A key question for ecological studies with HIV as the outcome variable is what measure of HIV prevalence to use. In this study we compared the strengths and weaknesses of a variety of measures of HIV prevalence, focusing on peak HIV prevalence and HIV prevalence measured at the same time as the exposure variable. We explored the theoretical problems with each of the two measures of HIV prevalence. We then investigated the difference that substituting one variable for the other made to two published ecological studies. One published study found a strong relationship between migration intensity and HIV prevalence measured at the time the migration was measured. When we repeated the analysis using peak HIV prevalence as the outcome variable, there was no evidence of an association. The second study found evidence of a strong relationship between concurrency and peak HIV prevalence. On repetition of the analysis (but utilizing HIV prevalence at the time the concurrency was measured as the outcome variable) there was no longer a significant association. The choice of HIV measure as outcome variable in ecological studies makes a large difference to the study results. The choice of peak HIV prevalence as outcome variable offers the advantage of avoiding the HIV introduction time bias. © 2013 International Society for Infectious Diseases.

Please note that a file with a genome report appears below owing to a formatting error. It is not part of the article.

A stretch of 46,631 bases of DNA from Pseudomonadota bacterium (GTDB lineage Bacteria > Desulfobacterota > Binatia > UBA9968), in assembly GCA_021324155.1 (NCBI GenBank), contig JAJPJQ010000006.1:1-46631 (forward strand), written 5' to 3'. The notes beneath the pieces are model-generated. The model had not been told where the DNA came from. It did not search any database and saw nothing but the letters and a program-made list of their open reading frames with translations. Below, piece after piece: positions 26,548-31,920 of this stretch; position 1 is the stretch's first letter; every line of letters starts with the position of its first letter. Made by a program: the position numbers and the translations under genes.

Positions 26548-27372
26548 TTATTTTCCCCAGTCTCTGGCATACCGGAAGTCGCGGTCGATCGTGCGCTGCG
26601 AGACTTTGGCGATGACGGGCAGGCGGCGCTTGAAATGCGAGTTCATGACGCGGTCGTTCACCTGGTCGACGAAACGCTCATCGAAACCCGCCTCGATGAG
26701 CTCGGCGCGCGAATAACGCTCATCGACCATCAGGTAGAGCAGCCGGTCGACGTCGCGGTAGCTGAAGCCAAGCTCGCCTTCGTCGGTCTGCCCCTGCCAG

Kenyon, C., Colebunders, R., Voeten, H., & Lurie, M. (2013, May). Peak HIV prevalence: A useful outcome variable for ecological studies. International Journal of Infectious Diseases. https://doi.org/10.1016/j.ijid.2012.12.020